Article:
It was not a mainframe. The use of the word "mainframe" has since been attributed to bad translation. Planes don't need to talk to a mainframe to determine if they should throw an alarm over flap positions, nor were any other planes affected by this.
The real problem, as usual, was Windows. A Windows PC used by the mechanics was running too slow, due to malware, which caused them to not enter incidents into the maintenance logs. The flight would have been grounded due to three incidents in the logs, as there were two the previous day... but the one on the day of the crash wasn't entered yet because of the malware.
The failure of the alarm about the flaps was unrelated and is not directly attributable to malware. But, that won't stop everyone from saying a virus crashed this plane, apparently.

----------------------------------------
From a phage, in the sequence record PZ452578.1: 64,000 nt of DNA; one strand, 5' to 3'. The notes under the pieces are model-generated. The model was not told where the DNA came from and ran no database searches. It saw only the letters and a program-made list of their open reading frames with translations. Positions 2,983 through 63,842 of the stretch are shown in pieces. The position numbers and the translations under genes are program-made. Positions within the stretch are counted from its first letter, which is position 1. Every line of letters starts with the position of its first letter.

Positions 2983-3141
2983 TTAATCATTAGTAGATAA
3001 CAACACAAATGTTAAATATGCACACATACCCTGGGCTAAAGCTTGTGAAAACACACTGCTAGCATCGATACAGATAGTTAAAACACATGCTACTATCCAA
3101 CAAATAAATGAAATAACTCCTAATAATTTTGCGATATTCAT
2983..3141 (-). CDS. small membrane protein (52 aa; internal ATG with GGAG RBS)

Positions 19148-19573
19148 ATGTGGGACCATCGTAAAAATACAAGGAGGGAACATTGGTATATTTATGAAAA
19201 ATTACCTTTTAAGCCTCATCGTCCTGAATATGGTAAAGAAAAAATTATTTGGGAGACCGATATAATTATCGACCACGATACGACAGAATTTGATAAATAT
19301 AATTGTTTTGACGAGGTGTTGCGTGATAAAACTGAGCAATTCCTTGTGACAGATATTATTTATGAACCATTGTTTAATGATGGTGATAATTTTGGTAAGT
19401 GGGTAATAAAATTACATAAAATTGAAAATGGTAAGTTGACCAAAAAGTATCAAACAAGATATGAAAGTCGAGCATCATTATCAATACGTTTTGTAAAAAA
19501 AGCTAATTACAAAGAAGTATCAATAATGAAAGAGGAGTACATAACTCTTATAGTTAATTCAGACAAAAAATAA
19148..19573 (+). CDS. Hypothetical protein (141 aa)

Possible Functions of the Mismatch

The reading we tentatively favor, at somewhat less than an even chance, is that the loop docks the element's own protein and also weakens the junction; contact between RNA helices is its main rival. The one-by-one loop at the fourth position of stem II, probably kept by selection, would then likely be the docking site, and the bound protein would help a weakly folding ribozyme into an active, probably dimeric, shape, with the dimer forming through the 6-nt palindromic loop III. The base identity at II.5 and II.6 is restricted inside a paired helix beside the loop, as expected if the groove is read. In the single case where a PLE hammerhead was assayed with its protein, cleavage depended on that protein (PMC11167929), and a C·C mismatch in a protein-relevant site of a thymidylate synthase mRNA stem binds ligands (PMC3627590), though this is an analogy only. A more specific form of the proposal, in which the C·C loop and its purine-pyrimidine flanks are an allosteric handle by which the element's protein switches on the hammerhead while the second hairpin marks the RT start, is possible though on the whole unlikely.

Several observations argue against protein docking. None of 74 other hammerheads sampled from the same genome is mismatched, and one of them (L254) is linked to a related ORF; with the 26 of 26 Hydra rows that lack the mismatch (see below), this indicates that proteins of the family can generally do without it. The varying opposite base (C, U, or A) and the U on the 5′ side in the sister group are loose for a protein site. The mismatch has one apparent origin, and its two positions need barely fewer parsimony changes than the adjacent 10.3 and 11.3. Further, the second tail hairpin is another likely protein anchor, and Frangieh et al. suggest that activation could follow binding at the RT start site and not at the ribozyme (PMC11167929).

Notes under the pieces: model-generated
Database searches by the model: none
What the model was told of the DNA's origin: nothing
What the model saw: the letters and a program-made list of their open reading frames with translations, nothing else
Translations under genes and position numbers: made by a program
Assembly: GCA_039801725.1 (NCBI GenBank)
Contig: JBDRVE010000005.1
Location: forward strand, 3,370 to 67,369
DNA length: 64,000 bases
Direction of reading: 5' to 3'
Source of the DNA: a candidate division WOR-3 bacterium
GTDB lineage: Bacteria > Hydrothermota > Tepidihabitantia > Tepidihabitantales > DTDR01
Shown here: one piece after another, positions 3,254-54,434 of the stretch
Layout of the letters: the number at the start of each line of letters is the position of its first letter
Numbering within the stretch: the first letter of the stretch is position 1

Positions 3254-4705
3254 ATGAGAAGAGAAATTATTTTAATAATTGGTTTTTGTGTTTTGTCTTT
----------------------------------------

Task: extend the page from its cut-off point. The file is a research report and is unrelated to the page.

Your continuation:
What part of "Ph'nglui mglw'nafh Cthulhu R'lyeh wgah'nagl fhtagn" don't you understand?
Dang what were they running on the PC Windows Mellenium!!
Were the flaps and slats not leveled togather? Because the path the plane took on wiki, shows it going off the sides of the runway
Just like the movie Virus :P
If this is real true, then the military should use this kind of tactics to bring down jet fighters and drones.
Flaps arnt controlled by the computers, they are just monitored by it. pilot didnt get the warning that the flaps were set incorrectly
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